From this perspective households were the main water users in Canada. When including both direct water use in the home including cooking, drinking, cleaning and watering, as well as the indirect water use required to satisfy household demand for goods and services such as electricity and food, households were responsible for 53% of total water use in 2013 (Chart 2.15).Note 83 The production of goods and services for export was the second highest final demand category at 30% of water use in 2013.

Competing water demands

In certain areas of the country, concerns have been raised about the allocation of water among competing water demands including drinking water, agriculture, manufacturing and other industries during periods of water scarcity.Note 84 Lower than normal streamflows can have significant economic effects on agriculture, fisheries, municipalities and industries including electricity production, while also impacting water quality, aquatic habitat and opportunities for recreation.Note 85

Balancing the demand for water from these different sectors may be more challenging during the summer months, which often coincide with increased demand for irrigation and municipal water, while at the same time water supplies are at a low.Note 86

Ratios of surface freshwater withdrawals to the water yield for August 2013Note 87 were above 40% in the Assiniboine–Red and in the Great Lakes drainage regions, while they were between 20% and 40% in the South Saskatchewan drainage regions and Okanagan–Similkameen (Map 2.7). These higher ratios point to a higher possibility for water shortages, conflicts between competing uses and the potential for insufficient instream flows for ecosystem requirements.Note 88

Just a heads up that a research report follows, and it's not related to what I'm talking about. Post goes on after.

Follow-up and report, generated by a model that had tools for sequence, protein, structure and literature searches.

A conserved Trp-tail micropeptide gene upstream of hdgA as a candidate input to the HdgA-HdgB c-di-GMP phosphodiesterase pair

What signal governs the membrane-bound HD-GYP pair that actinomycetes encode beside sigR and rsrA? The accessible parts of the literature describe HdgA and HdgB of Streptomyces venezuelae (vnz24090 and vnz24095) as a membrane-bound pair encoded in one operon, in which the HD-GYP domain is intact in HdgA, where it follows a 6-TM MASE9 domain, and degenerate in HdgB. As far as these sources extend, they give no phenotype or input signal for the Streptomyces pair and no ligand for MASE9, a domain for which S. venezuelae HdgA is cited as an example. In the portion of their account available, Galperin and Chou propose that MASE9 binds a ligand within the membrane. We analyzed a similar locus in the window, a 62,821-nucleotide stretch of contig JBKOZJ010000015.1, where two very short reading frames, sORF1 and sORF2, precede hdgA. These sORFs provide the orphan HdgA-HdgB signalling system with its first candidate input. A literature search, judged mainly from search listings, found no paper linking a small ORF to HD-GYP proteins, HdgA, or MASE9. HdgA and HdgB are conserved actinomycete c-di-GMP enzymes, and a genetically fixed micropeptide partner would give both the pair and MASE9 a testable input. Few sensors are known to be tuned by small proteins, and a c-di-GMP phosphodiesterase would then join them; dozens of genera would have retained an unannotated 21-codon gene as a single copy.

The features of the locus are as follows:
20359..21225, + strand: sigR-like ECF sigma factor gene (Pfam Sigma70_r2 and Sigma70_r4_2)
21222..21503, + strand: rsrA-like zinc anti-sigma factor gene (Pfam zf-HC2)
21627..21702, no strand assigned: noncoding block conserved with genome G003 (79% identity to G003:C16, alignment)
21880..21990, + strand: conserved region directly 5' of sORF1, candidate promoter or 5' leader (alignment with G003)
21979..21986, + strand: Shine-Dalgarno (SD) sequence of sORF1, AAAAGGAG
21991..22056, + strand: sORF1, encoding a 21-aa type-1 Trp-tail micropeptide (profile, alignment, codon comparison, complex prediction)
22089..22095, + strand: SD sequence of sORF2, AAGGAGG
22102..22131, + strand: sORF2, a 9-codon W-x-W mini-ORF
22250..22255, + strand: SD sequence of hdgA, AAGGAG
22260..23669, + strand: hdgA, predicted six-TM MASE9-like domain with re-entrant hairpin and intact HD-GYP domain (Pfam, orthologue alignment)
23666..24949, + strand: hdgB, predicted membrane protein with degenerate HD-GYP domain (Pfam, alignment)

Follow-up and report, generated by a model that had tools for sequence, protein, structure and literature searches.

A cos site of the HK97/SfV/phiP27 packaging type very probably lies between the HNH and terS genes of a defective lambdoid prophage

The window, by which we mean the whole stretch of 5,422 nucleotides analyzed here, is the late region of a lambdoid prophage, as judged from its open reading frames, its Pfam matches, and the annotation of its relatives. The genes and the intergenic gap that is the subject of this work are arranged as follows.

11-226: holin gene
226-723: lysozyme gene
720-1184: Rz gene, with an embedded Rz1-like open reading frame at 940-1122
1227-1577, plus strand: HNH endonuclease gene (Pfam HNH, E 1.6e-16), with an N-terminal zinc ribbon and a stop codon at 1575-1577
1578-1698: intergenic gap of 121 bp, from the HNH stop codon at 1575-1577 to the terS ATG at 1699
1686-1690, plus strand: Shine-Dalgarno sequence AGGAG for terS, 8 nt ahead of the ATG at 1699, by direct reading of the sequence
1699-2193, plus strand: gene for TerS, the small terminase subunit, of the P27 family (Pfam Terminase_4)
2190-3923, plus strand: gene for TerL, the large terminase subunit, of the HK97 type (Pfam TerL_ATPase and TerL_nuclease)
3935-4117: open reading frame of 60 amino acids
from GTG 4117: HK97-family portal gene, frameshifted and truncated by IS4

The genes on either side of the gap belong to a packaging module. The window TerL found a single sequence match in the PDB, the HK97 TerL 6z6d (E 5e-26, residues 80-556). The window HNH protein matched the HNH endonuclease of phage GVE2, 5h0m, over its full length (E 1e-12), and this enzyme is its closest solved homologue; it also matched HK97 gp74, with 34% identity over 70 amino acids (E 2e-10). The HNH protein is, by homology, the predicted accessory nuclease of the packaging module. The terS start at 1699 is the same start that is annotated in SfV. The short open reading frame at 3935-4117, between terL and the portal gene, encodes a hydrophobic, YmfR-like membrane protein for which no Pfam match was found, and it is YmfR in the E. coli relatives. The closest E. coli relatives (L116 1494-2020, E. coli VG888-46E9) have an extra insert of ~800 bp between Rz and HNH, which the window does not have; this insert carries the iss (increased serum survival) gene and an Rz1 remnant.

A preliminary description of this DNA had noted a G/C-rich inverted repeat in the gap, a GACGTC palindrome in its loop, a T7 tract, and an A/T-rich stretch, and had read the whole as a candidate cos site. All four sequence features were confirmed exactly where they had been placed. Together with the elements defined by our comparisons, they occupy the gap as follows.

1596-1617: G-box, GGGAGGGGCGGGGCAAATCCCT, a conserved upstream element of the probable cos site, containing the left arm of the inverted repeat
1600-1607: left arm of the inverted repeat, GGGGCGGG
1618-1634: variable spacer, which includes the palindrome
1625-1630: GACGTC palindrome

The high intake to water yield ratios in the Great Lakes and Assiniboine–Red drainage regions were largely attributable to withdrawals for thermal-electric power production. The majority of this water was eventually released back to the water body from which it was taken.

Water withdrawals for irrigation accounted for the majority of the total water intake in the South Saskatchewan drainage region and over 40% in the Okanagan–Similkameen.Note 89 Little water withdrawn for irrigation is returned to the water source.Note 90

Notes